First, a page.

This cover is by Grateful Dead tribute band Cubensis, who performed Surrealistic Pillow in its entirety at a Halloween show in 2010 at The Mint in Los Angeles. An agreeable, faithful version, but it sounds like a Grateful Dead tribute band covering the Airplane.
David Hilyard – Embryonic Journey (Jefferson Airplane cover)
A beautiful instrumental, “Embryonic Journey” was the first song written by Jorma Kaukonen, and his performance on Surrealistic Pillow is unforgettable, displaying his fingerpicking style that would later be showcased in Hot Tuna. One of the reasons that Pillow is so great is that this song is not out of place, despite being different from every other track on the album. David Hilyard’s cover is also a demonstration of his fingerpicking virtuosity; more remarkably, he is not a professional musician — he is an optician and makes astronomical optics for UCO/Lick Observatory, University of California, Santa Cruz (find out more about him here).
Grace Potter & The Nocturnals – White Rabbit (Jefferson Airplane cover)
“White Rabbit” is one of the iconic songs of the Sixties, and was another Slick song that was improved over the original Great Society version. Its psychedelic music and clear drug imagery somewhat camouflaged by its literary allusions ends with the unmistakable, and at the time shocking, exhortation, “Feed Your Head!” This live version from 2009, with lead vocals by another fine singer named Grace, captures both the stentorian vocals and dreaminess of the Airplane version.
Backwards Clock Society – Plastic Fantastic Lover (Jefferson Airplane cover)
Surrealistic Pillow ends with “Plastic Fantastic Lover,” a bluesy rocker from Balin about the fascination with television and technology, with the lyrics delivered in an almost proto-rap style. Backwards Clock Society was a band put together by former Smashing Pumpkins vocalist Billy Corgan for occasional performances. This sludgy, metal-ish version (not that there’s anything wrong with that) is from a live performance in 2009, at a benefit to help pay medical bills for the Pumpkins’ former fan-club president Laura Masura, who had suffered a serious motorcycle accident.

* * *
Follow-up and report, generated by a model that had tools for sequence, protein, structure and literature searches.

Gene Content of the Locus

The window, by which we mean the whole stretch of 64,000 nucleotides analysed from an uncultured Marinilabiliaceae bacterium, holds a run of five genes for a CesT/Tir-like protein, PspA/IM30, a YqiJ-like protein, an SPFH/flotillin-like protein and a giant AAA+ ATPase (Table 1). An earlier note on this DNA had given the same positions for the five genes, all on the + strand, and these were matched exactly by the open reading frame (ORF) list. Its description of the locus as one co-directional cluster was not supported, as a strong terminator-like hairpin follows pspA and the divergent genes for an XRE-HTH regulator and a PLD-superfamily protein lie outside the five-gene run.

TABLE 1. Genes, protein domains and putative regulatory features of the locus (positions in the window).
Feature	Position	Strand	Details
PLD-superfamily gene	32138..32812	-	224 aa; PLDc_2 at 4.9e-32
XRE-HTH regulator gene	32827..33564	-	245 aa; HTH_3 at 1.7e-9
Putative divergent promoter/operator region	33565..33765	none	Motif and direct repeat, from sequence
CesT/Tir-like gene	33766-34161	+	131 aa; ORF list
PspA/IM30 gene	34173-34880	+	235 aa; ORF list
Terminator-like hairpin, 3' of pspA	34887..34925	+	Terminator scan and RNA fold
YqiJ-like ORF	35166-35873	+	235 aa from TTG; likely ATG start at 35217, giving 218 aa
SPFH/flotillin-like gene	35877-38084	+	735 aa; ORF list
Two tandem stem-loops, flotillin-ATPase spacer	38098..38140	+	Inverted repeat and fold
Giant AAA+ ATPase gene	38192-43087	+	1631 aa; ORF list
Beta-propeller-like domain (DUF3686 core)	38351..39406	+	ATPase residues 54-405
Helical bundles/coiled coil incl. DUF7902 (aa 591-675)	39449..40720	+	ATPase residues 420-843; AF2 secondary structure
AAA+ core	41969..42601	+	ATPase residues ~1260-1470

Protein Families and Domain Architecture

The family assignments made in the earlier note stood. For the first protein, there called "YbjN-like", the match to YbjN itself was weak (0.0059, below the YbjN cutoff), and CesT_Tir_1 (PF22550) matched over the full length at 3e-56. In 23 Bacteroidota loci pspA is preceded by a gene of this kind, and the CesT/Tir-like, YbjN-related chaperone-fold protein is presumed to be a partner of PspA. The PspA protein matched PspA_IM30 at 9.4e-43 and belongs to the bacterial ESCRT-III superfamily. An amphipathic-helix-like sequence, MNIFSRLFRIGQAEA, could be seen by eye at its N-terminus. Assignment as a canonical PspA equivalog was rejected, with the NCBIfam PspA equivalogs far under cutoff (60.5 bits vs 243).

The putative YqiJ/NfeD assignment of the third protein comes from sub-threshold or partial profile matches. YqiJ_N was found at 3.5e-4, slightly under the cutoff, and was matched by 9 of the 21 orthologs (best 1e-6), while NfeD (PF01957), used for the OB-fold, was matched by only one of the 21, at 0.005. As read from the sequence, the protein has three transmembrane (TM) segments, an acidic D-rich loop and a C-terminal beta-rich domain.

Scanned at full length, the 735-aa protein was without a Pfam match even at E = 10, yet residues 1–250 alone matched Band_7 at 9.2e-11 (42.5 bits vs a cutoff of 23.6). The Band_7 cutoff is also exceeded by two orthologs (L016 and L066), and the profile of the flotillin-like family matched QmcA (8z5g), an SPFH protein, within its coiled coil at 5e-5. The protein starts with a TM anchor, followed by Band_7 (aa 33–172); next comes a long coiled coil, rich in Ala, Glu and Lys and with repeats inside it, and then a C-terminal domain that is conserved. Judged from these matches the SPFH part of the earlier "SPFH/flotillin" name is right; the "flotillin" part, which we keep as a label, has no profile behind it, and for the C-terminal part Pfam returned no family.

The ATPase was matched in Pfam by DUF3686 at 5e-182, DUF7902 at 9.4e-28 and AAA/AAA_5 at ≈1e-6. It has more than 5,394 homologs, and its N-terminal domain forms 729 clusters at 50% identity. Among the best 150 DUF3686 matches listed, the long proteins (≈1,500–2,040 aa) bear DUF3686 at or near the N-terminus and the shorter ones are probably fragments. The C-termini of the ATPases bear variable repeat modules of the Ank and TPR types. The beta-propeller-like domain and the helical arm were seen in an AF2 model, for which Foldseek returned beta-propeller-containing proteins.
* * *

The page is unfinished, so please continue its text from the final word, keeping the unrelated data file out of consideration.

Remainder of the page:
Bonus: Jefferson Starship – Today (Jefferson Airplane cover)
When is a cover not a cover? Obviously, if a band plays its own songs, then it isn’t a cover. And it would be fair to argue that if a musician plays his own songs, solo or even in another group, it isn’t a cover. What about this one? The song was written by Marty Balin and Paul Kantner and sung by Balin. The tortured history of the membership of the Airplane, Jefferson Starship, Starship, and their offshoots would require an entire blog of its own, but this version of “Today” was recorded on January 28, 2012 by a band billed as Jefferson Starship, led by Kantner, and featuring David Freiberg, who was in a late version of the Airplane and the original version of the Starship until 1984, rejoining with Kantner in 2005. The female vocals were performed by Cathy Richardson and Darby Gould, who have performed with later versions of the Starship, as have the other members of the band. It is sort of like the philosophy conundrum — at what point is a darned sock a new sock? A question that might have best been pondered under the influence of whatever they were having back in 1967.
That all being said, this is a very good version of the song, even without Balin. Who, after all the water that has flowed under the bridge, sometimes appears with Kantner at Jefferson Starship shows.